Q: How can I implement a delay, or time a user's response, with sub-second resolution?
A: Unfortunately, there is no portable way. Routines you might look for on your system include clock, delay, ftime, gettimeofday, msleep, nap, napms, nanosleep, setitimer, sleep, Sleep, times, and usleep. (A function called wait, however, is at least under Unix not what you want.) The select and poll calls (if available) can be pressed into service to implement simple delays. On MS-DOS machines, it is possible to reprogram the system timer and timer interrupts.
Of these, only clock is part of the ANSI Standard. The difference between two calls to clock gives elapsed execution time, and may even have subsecond resolution, if CLOCKS_PER_SEC is greater than 1. However, clock gives elapsed processor time used by the current program, which on a multitasking system (or in a non-CPU-intensive program) may differ considerably from real time.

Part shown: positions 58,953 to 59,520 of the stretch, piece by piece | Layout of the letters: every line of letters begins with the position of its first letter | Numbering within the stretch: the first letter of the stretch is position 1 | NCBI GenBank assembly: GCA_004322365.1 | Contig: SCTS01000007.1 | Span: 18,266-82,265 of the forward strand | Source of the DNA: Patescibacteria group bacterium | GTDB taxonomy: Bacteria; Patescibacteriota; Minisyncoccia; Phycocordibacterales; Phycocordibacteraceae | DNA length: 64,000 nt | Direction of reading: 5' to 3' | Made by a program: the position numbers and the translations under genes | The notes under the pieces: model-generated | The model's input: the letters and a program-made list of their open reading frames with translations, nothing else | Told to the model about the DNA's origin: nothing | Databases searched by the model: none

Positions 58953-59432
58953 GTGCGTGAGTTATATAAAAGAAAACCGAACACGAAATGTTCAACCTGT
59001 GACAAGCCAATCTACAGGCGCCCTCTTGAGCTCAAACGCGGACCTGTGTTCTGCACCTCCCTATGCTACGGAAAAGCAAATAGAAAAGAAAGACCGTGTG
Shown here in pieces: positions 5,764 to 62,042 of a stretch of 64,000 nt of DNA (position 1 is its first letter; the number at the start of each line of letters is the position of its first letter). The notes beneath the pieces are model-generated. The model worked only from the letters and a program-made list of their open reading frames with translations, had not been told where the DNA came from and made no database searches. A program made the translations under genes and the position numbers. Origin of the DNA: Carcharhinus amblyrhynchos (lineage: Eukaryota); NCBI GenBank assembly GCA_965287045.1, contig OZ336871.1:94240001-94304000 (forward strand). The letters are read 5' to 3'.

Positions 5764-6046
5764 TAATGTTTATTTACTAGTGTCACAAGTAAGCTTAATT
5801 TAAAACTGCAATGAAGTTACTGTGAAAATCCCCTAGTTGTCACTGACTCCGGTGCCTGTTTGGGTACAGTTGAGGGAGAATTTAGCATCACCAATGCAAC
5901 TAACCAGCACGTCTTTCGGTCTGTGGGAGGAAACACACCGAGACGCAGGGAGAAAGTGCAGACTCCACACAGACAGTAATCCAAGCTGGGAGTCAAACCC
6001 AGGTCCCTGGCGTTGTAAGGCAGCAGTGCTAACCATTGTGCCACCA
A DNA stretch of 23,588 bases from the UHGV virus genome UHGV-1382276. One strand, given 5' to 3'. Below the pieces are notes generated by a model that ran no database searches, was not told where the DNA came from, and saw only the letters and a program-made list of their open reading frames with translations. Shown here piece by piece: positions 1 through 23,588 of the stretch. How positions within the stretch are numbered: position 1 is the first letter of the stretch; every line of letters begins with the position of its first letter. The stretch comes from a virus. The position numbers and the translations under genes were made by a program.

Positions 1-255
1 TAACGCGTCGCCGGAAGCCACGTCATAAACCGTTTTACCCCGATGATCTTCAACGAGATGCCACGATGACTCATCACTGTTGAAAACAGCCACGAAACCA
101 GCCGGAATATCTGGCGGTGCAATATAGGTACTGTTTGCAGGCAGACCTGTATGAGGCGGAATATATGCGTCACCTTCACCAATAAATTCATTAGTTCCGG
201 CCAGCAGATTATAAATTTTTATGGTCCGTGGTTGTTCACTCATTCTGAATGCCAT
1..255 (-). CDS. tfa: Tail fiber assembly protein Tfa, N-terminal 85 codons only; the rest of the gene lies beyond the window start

If you're trying to implement a delay and all you have available is a time-reporting function, you can implement a CPU-intensive busy-wait, but this is only an option on a single-user, single-tasking machine, as it is terribly antisocial to any other processes. Under a multitasking operating system, be sure to use a call which puts your process to sleep for the duration, such as sleep or select, or pause in conjunction with alarm or setitimer.
For really brief delays, it's tempting to use a do-nothing loop like
long int i; for(i = 0; i < 1000000; i++) ;but resist this temptation if at all possible! For one thing, your carefully-calculated delay loops will stop working properly next month when a faster processor comes out. Perhaps worse, a clever compiler may notice that the loop does nothing and optimize it away completely.
Additional links: A technique involving I/O instructions described by Pedro Zorzenon Neto
H&S Sec. 18.1 pp. 398-9
PCS Sec. 12 pp. 197-8,215-6
POSIX Sec. 4.5.2